During the eight years I taught EDUC 501 as an adjunct at Dordt University, my graduate classes increasingly became a mix of Christian and public school teachers. In order to put all of my students on a common ground of biblical understanding, I used Our World Belongs to God: A Contemporary Testimony, a wonderful “creed” published by the Christian Reformed … Read More
When it comes to ministering to faculty, staff, students, and parents, we can’t give what we don’t have. We cannot expect to encourage others, stay patient, answer calmly, and use wisdom appropriately without consistently spending time in God’s Word, being connected at a Bible-believing church, and praying regularly over the school, faculty, and students.
Do we want diverse and inclusive schools? Absolutely. All of us who teach, lead, or chose faith-based schools for our children have good work to do in this space. Getting there is going to be a long process. It is challenging to do difficult work in a society obsessed with the immediate. Let us not grow weary.
Burdened by headlines of racial unrest, Christian schools across the country are seeking answers and want to know more about Diversity, Equity, and Inclusion (DEI) They desire to create a place for learning and growth in this arena for students, faculty, and parents. Others pressured by their communities to grapple with their school’s past want to learn how to work … Read More
Myia Sims shares what it is like to attend a white Christian school as a black student and what she learned through a diversity club called G.R.A.C.E Council: “Through this program I came to recognize Jesus’ cry for holistic justice and how as a follower of Christ I was called to advocate for the oppressed. These lessons gave me a renewed faith in the totality of the Scriptures.”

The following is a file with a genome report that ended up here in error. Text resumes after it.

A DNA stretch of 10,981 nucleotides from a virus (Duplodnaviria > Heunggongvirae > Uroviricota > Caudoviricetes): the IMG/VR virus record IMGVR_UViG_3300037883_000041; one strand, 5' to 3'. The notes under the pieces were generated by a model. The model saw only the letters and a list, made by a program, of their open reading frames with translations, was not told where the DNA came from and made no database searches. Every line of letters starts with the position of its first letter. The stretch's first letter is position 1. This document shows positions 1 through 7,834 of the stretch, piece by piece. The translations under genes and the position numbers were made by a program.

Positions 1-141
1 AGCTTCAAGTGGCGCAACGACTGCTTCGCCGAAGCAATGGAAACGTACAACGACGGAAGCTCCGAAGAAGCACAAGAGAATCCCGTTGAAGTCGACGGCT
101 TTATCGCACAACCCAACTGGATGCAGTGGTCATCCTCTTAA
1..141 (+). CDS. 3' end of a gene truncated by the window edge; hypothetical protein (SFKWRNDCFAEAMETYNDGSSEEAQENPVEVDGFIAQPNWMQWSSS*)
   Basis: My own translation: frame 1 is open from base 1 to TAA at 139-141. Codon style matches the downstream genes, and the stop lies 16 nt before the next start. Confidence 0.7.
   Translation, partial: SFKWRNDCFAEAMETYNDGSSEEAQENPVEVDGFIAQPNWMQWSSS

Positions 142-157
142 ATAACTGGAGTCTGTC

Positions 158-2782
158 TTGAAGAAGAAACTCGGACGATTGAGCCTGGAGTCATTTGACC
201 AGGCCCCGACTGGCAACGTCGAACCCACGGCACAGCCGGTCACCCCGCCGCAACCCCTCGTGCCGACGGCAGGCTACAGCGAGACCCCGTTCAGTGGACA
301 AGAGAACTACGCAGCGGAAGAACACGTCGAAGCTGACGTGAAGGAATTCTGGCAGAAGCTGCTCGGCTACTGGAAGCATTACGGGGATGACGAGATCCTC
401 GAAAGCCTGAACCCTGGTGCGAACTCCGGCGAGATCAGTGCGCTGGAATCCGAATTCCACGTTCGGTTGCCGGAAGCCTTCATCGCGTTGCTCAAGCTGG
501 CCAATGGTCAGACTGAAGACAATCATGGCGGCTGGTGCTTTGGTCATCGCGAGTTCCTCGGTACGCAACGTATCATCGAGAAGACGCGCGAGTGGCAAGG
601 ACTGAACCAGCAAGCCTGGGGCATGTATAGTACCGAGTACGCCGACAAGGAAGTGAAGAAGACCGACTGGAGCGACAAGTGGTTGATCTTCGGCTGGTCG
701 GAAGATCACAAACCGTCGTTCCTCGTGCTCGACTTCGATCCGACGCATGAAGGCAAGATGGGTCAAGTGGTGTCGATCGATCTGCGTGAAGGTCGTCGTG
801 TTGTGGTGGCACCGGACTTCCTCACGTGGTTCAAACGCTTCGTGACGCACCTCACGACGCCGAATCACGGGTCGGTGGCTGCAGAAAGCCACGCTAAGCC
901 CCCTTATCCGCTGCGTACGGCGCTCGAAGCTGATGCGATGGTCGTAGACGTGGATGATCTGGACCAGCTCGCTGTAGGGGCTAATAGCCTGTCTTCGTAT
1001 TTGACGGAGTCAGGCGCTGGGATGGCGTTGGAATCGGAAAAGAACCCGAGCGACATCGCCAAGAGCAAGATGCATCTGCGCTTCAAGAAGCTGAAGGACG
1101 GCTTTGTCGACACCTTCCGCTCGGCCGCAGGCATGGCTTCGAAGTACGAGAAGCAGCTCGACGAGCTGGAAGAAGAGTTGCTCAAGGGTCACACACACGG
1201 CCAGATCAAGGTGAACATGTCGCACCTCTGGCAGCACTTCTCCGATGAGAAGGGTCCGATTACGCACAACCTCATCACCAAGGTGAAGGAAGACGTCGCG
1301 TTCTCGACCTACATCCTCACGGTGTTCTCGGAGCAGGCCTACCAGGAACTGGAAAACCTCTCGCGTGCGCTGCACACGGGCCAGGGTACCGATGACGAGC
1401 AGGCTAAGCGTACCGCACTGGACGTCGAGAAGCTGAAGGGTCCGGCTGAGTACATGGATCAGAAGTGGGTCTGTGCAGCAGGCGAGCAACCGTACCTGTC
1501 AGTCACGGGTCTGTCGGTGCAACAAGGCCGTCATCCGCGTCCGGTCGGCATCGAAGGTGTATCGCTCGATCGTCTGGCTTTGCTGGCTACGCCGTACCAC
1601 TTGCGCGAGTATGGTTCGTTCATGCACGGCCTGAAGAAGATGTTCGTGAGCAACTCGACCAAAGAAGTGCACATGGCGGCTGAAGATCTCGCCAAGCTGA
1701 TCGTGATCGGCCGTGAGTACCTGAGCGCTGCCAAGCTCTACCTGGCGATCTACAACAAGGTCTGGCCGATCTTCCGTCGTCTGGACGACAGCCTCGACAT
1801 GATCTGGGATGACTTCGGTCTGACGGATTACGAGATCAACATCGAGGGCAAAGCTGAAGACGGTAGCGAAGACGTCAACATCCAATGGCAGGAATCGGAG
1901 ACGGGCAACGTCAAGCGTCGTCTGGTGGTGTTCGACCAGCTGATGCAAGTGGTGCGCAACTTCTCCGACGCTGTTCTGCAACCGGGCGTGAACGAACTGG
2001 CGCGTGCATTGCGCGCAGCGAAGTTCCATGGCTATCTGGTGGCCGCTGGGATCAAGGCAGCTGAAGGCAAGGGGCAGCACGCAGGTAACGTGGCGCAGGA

Diversity in demographics isn’t enough if all the students in the school don’t have the same opportunities. Do we possess the superficial markers of diversity without actually embracing and honoring that diversity? Have we built authentic community with all our students and families? Do all the people in the building have the same opportunities to share their voice, perspective, and experiences?
The old adage “if you build it, they will come” is often used to justify the creation of new and exciting diversity programs. However, in an environment where Christian families of color often have options when it comes to private education, the question to ask is not only “will they come?” but “will they stay?”.